Deconstructing Identity Labels

As I appear before you, start to notice what impressions begin to form. What does my attire say about me? The sound of my voice, my stature, my skin color? My name is Nadine McNeil. I'm from Jamaica, where I lived until I was sixteen years old. In 1982 I headed off to Ontario, Canada - first time leaving Jamaica - where I would join a private all-girls Catholic school, Holy Name of Mary High School. There were 325 students. Three were black. Tracey, who was born in Canada, who ran track and field, myself, and my Caribbean sister Jackie from Grenada. And we got teased because we had this singsongy voice. Anyway, our fellow students would often ask us, "Did you live in a hut in Jamaica?" or "Did you wear grass skirts?" A couple of years later, I'm living in New York City. Anyone here from New York? Yeah. So it's rush hour. I'm on the D train, and the train is packed, and we're all like this, and we're right up against each other. And I said something to the woman standing next to me, and she goes, "Bitch get off me. Go back to your country where you came on your banana boat." And I went, "Oh shit." Now what was interesting was that woman and I shared a skin color. So, then I began to understand what the term racialism means. Racialism is essentially a softer version of racism, but there are more nuances that are mixed up in it. And so began my story of internalizing, silencing stereotypes, labels, identity. This would continue throughout my life. And even when I worked at the United Nations, an organization whose premise is founded on equality and inclusion, I would meet these statements and these stereotypes and these limiting beliefs. And then, when I would try to share with my colleagues my experience, I'd get about three responses. One would be, "Are you sure you heard correctly?" The other one would be, "Nah, that's not what they meant." The third one would be, "They must have been joking." So I was gaslit up the yin yang. You know, coming from Jamaica - I'm an only child - I was raised by two married parents. And up until that point, moving to Canada and then New York, I identified with my high school where I lived. The values my parents instilled in me were study hard, work hard, do unto others as you would have them do unto you. And for God's sakes, don't get pregnant out of wedlock. So, here we are, 2020 living while black, and we're still having these conversations. There's a tendency to be uncomfortable about having the conversations, but how do we defy, dismantle the stereotypes without the conversations? Yes, I am a Black woman. Sometimes I'm angry. Other times I'm sad. My heart breaks that we're still having this conversation one hundred years after the abolition of slavery . . . or more. So my call to action standing here before you is that we start to pause. Think about the labels that we identify ourselves with, the assumptions we make based on what people look like. Nadine McNeil educated in Canada, the United States, and Europe. My CV arrives across your desk. And then I come through the door. "Oh shit. How do I put these two things together?" This is what happens when we fall into the danger of a single story. A Nigerian author, Chimamanda Adichie, talks about this. And she says the danger of the single story is not so much that it's inaccurate. It's the fact that it's incomplete. So we see someone, we make some decisions and assumptions about that person. We treat that person on that basis, and we've lost a whole opportunity to learn so much more. My repeated experience, no matter where I've lived in the world, is that ultimately we all want to be seen, heard, and loved. Thank you very much.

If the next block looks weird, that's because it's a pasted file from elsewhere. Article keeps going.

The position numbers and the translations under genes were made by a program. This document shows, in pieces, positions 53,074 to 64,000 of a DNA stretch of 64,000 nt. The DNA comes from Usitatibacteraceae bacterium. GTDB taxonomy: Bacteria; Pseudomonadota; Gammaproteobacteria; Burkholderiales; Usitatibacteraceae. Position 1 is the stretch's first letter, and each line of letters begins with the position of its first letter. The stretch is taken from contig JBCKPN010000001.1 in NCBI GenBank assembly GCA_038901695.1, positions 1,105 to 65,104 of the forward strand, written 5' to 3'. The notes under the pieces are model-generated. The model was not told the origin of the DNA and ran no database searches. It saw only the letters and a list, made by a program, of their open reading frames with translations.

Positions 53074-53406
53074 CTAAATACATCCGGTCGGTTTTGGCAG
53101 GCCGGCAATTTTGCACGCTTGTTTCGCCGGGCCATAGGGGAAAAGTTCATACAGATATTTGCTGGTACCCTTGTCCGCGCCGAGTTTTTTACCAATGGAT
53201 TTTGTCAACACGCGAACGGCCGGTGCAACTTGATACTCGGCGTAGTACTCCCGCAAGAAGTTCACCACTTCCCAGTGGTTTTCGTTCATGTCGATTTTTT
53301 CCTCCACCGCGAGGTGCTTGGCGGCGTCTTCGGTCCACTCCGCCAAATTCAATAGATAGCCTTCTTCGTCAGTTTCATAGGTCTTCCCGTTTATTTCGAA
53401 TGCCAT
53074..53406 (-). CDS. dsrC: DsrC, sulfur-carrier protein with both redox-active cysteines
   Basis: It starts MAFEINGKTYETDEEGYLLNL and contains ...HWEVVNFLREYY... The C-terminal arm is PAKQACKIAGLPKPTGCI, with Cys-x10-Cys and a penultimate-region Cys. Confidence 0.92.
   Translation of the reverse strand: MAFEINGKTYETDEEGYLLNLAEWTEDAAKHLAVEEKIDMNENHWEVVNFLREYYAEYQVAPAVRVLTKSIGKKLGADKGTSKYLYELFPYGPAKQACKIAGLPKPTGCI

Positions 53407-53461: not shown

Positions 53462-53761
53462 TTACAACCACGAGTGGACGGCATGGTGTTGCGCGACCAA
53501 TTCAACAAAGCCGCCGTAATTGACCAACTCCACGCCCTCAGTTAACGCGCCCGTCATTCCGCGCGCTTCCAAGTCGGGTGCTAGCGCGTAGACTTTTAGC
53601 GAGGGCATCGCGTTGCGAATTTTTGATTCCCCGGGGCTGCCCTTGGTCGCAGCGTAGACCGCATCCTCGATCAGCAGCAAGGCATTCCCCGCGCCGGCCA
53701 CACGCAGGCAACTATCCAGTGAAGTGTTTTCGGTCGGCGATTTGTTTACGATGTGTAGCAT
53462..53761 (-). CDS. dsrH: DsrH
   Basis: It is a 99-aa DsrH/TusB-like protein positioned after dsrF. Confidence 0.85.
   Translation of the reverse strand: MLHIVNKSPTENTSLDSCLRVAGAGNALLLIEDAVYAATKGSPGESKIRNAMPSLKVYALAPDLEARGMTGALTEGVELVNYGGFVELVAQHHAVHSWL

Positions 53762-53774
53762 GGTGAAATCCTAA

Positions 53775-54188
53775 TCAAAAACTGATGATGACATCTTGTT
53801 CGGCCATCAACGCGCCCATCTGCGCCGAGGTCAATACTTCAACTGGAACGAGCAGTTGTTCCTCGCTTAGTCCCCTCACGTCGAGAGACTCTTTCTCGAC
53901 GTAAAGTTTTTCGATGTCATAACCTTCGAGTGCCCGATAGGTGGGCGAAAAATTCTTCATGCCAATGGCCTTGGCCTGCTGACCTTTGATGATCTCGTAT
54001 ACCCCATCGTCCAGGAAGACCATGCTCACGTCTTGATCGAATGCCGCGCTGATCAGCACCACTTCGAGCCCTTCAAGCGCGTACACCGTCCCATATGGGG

SHE is on FIRE, I Will Let HER Speak